Mourning in America

In a May 24 proclamation, Joe Biden ordered American flags to be lowered to half-staff until sunset Saturday, May 28 in honor of the 19 children and two teachers slaughtered at Robb Elementary School in Uvalde, Texas.

Less than two weeks earlier, on May 13, Biden in another proclamation designated May 15 as Peace Officers Memorial Day and called on all governors to direct flags to be flown at half-staff that Sunday in memory of slain police officers. Under that order, flags were to remain at half-staff until sunset on Monday, May 16.

That edict came just one day after Biden ordered flags to be flown at half-mast in memory of the 1 million American lives lost to COVID-19. This overlapped the Peace Officers’ proclamation, which also requested that flags be lowered on May 15.

Those of us who are old enough to remember the Kennedy assassination will likely recall what a rare sight it once was to see the ultimate symbol of American pride lowered in sorrow and mourning. Back then, it was the rarest of events, reserved for the rarest of occasions.

The flag is one of this country’s most potent symbols, but there was no formal set of guidelines for its use and abuse until President Dwight Eisenhower issued a proclamation on March 1, 1954, stating the following: 

Every Memorial Day, in honor of America’s fallen heroes, the flag should be flown at half-staff till noon, then raised proudly to top staff till sunset.

Since that proclamation, these have been the norms:

  • On the death of a president or former president, the flag should remain at half-staff for 30 days.
  • Across the country, it is to fly 10 days at half-staff upon the death of the vice president, the chief justice or a retired chief justice of the United States, or the speaker of the House of Representatives.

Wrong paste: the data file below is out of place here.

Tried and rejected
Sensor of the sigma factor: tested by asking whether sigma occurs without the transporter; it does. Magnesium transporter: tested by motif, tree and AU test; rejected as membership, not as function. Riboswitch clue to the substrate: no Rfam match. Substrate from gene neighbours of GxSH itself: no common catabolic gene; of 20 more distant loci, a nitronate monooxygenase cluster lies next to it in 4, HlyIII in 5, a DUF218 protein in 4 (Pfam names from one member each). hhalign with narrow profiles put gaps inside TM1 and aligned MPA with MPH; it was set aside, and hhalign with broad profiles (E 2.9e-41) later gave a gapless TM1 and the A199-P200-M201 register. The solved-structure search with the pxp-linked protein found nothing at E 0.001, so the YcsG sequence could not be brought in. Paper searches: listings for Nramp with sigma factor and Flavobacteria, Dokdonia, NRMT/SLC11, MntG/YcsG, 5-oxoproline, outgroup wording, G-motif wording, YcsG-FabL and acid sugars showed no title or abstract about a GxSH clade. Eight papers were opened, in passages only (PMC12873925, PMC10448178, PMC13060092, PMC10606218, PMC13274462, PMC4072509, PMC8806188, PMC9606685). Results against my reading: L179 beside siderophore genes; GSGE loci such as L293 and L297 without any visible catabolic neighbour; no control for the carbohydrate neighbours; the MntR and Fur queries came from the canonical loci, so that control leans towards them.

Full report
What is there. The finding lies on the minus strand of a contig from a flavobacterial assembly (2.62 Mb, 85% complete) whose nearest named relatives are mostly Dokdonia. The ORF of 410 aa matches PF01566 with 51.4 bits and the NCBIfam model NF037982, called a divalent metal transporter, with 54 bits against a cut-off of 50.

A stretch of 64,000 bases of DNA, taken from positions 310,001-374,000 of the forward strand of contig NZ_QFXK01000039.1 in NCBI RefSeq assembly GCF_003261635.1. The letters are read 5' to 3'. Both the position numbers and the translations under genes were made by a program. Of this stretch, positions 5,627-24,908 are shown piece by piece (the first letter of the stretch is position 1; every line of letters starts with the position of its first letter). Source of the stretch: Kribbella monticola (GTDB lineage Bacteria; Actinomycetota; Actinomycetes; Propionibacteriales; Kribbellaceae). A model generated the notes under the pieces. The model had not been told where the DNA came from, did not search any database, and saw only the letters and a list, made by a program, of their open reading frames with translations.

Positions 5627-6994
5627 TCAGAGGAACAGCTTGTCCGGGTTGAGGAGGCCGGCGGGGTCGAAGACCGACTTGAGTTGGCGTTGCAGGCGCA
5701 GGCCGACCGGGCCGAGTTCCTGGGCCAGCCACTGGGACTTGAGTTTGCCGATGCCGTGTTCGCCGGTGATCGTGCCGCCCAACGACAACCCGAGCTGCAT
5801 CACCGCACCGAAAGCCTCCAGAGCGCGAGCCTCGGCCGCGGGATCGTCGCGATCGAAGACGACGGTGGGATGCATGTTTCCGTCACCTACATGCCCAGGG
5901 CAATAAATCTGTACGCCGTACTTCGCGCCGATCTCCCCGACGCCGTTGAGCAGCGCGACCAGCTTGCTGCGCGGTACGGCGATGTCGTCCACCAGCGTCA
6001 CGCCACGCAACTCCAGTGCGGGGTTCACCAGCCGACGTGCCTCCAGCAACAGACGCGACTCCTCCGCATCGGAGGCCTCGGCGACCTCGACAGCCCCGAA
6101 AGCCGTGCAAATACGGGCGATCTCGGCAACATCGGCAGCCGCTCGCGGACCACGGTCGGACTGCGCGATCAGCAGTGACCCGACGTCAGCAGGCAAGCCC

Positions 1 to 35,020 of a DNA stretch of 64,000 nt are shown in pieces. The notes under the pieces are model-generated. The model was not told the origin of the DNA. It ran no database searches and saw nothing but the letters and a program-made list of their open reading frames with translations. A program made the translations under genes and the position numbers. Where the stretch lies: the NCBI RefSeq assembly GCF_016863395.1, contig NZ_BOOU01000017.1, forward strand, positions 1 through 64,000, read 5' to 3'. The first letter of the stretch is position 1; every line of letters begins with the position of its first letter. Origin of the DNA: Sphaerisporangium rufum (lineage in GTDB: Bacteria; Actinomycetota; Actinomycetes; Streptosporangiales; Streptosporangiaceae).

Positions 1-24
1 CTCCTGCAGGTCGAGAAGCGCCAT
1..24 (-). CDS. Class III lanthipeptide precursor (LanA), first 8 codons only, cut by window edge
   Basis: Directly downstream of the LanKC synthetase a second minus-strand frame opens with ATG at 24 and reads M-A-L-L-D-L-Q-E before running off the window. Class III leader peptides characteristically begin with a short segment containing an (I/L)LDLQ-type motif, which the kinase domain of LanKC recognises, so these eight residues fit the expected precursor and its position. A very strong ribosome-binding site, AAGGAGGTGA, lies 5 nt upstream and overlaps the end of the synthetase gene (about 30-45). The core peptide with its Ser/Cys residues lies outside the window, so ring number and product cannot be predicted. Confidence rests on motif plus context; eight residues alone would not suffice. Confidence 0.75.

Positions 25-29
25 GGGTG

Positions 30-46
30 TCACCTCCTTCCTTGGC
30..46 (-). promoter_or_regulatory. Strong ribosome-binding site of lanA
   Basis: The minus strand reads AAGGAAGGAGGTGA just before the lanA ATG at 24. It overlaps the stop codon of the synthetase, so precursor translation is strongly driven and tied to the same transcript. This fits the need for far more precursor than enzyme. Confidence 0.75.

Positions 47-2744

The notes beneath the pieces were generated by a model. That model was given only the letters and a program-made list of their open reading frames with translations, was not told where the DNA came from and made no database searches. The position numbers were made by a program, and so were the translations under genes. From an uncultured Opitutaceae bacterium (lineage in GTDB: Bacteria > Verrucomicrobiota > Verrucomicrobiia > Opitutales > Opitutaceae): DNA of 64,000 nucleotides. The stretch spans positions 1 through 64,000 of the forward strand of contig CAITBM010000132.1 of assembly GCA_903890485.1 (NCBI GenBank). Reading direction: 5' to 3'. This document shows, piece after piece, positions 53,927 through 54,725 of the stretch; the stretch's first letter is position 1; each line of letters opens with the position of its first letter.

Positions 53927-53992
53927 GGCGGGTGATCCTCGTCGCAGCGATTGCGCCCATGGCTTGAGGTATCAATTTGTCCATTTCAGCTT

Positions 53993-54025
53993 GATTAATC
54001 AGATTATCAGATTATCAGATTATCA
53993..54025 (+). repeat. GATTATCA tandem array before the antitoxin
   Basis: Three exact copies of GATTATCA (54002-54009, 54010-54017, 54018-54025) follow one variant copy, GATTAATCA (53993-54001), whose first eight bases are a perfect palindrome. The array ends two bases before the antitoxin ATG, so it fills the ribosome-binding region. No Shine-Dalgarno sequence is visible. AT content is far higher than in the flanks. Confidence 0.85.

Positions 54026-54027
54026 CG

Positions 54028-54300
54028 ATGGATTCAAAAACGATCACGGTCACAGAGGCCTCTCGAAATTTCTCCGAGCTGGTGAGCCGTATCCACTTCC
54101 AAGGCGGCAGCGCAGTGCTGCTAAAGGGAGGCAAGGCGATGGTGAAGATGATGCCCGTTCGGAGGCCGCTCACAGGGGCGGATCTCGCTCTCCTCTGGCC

• For lesser, but still high-ranking members of the federal government, the flag is to be displayed at half-staff from the day of death until interment.
  • In individual states, the flag should be flown at half-staff from the day of death until the day of interment for a U.S. senator, representative, or territorial delegate.
  • On the death of the governor of a state, territory or possession, the flag should be flown at half-staff from the day of death until interment.
  • Also, at his discretion, the president may order the flag to be flown at half-staff to mark the death of other officials, former officials, or foreign dignitaries.
  • The president may order half-staff display of the flag after other tragic events.

There’s the rub. Mass shootings have been defined by Gun Violence Archive as incidents in which four or more people have been shot. As of May 27, there have been 27 school shootings this year, and a total of 214 mass shootings. Clearly, the bulk of them occur in cities dominated by Democrats, including Chicago, New York, Los Angeles, Philadelphia, Detroit, and St. Louis. But 27 school shootings?

If we proclaim every school shooting an occasion for national mourning, we will never get out of our funeral clothes or our funeral depression.

I suggest a different approach. There is nothing more heinous, nothing more evil than the slaughter of innocent children by unspeakably sick, twisted gunmen, who all too often react to social rejection in ways far different than you and I handle our various defeats.

Instead of grief, we should substitute rage. Rage at the mindless video games that make carnage an online festival. Rage at absentee parents who are too deep in their own personal bubbles to prevent the putrid monster their offspring is morphing into. Rage at everyone who sees a twisted social media post and shrugs it off with a remark like, “That’s just Jacob being Jacob.”

Instead of splashing the names of these sick shooters all over our media, we should bury them in the deepest pit of obscurity, and never broadcast a word about their history, background, or motivation. Shooting a school should never give one of these sick punks a two-day ride at the top of the news cycle.

Instead of wringing our hands about the existence of nearly 400 million guns in the United States—the vast majority of which are owned and used by decent, law-abiding people—we should focus with clear eyes on the social cancer that fosters such tragedies. We should shame and ridicule every local, state, and national politician who opposes protecting every school in America with well-armed, well-trained guards.

And we should do it with guts and determination, beneath the blessing of our flag proudly flying at full height.

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